ALBUQUERQUE, N.M. (KRQE) — The boss yelled at her employees, berated them, gave them confusing instructions. One by one, seasoned buyers and purchasing specialists for the city of Albuquerque gave up. Since she was hired in 2011, nearly every employee who worked for chief purchasing officer Ramona Martinez has quit.
The division those workers left behind- responsible for spending much of the city’s billion-dollar budget- was a mess when outside investigators dug into a workplace harassment claim in October 2015.
The report that Robert Caswell Investigations gave to Mayor R.J. Berry’s administration last December backed up the harassment claim.
Martinez’s management style was so raw that a city attorney worried the chief purchasing officer would know the lawyer had spoken to them. A deputy fire chief told investigators that when he sat down to ask why it was taking a year and a half to order something as benign as cabinets, Martinez called him a “hard-headed crybaby.”
A year later, Martinez is in the same job. And while the city says a letter of reprimand and a plan for change are working, nervous employees say that not much is different.
“Nothing happened,” one employee said. “She kept her job. She kept the employees that were working under her even though she knew what everybody said about her.” KRQE News 13 agreed to keep the employee anonymous due to fears of retaliation.
“Everybody stuck their neck out to make things better. And the administration’s refusing to help the employees,” the employee said.
Deputy chief administrative officer Gilbert Montano said the city doesn’t condone Martinez’s behavior, but much of the conflict came from efforts to reform a purchasing system that badly needs updating. The chief procurement officers handle the city’s purchasing warehouse- essentially an in-house big-box home improvement store- as well as other purchasing contracts.
Montano said the city brought in Martinez to essentially get rid of bad apples in the division, a directive she repeated to investigators in an October 2015 interview.
“I mean, people were swinging from the chandeliers. It was a mess. And processes, documentation it hasn’t changed since 1980,” Martinez said.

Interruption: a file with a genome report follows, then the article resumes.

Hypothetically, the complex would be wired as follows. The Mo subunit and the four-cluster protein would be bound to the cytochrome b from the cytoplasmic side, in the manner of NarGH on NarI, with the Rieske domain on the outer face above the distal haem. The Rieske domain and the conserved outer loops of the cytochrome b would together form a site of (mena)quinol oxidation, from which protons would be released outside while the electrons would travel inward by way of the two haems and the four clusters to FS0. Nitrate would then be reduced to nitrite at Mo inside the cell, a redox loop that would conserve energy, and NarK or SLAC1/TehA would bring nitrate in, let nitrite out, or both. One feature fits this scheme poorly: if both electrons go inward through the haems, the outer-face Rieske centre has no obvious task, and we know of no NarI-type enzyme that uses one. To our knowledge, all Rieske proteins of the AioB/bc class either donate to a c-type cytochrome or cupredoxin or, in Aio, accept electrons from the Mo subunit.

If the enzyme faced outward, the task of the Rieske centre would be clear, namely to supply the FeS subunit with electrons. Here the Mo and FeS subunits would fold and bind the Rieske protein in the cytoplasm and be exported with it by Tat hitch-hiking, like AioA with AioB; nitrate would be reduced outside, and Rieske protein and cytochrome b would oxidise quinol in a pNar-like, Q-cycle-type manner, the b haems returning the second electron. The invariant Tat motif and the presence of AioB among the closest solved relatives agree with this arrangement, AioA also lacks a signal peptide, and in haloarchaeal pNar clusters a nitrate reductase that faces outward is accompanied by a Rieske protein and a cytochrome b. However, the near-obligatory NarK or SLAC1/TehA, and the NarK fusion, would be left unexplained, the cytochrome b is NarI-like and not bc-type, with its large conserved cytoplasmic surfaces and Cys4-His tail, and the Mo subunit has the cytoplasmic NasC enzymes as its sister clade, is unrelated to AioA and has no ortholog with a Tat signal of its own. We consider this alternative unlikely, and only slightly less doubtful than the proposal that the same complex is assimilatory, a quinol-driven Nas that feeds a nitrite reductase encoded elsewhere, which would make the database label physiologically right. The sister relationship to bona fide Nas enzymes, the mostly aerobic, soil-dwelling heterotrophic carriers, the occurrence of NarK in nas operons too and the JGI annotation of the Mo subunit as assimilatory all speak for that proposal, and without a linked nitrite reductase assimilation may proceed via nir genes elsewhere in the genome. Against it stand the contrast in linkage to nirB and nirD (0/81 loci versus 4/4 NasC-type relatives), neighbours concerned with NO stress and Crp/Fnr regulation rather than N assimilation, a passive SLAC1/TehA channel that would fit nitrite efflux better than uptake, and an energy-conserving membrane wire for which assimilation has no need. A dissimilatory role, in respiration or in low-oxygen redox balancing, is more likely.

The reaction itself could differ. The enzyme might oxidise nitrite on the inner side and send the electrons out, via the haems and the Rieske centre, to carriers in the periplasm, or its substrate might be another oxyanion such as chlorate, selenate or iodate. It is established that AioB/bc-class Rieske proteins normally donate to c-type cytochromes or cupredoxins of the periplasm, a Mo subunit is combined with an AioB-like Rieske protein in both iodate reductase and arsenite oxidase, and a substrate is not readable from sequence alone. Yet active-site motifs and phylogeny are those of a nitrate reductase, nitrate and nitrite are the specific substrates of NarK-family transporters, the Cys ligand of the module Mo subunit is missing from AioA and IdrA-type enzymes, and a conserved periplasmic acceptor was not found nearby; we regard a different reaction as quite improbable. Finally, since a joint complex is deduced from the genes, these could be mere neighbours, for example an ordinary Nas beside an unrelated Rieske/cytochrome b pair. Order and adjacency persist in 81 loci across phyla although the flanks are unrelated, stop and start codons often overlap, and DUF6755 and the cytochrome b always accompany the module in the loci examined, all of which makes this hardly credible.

Again, current and former employees- more than two dozen spoke to investigators- dispute that assessment.
Speaking to investigators in October 2015, an assistant city attorney offered an opinion of purchasing employees that seemed to differ from the administration’s assessment that the division was stuck in the past: “They are up to the task. These are great, brilliant folks.”
Joe Rael worked as the city’s internal services supervisor in the purchasing warehouse. He left after a year working for Ramona Martinez.
“When you’re a supervisor, a boss, a manager and you have that level of turnover, usually the people above that supervisor, that boss, that manager should be taking a very hard look at the person in charge,” Rael said, “And saying, ‘Why are we losing so many employees? Especially employees that were with us for so many years, that we never had problems with, that were not disciplinary issues, they didn’t have disciplinary cases, no one had complained about them, they did their work diligently, yet they’ve gone.'”
Rael described the purchasing division as a great place to work prior to Martinez taking over. But as purchasing instructions became confusing and buyers couldn’t get prompt answers from Martinez, work in the fast-paced division slowed to the point that several city departments complained they couldn’t get orders and contracts processed quickly enough.
Those departments attempted to handle purchasing themselves. But in cases where buyers left the purchasing division to work for one of those departments, they complained Martinez would unnecessarily delay their orders. Investigators documented widespread instances of such complaints.
“With the things that she has done, that’s someone who should have lost their job,” Rael said.
Many employees worried Martinez’s real job was to prove the city should shut down the purchasing warehouse. While the city acknowledged that it is planning to reevaluate the warehouse’s feasibility, it hasn’t made any final decisions and plans to hire an outside consultant to weigh in on the matter.
In the meantime, Martinez and the city’s fleet manager now share supervision of the warehouse. The city insists that the arrangement is working and that it allows Martinez to focus on a long-running effort to automate purchasing. The shared-supervision plan was in place last fall, though, and neither Martinez not the fleet manager, Marina Wells, felt it was working.
The city insists it is. Once again, employees say it’s not and the constant retraining has slowed the purchasing process and cost taxpayers money.
“It’s just like a rotating door,” one said. “As soon as somebody can leave, they’re gone.”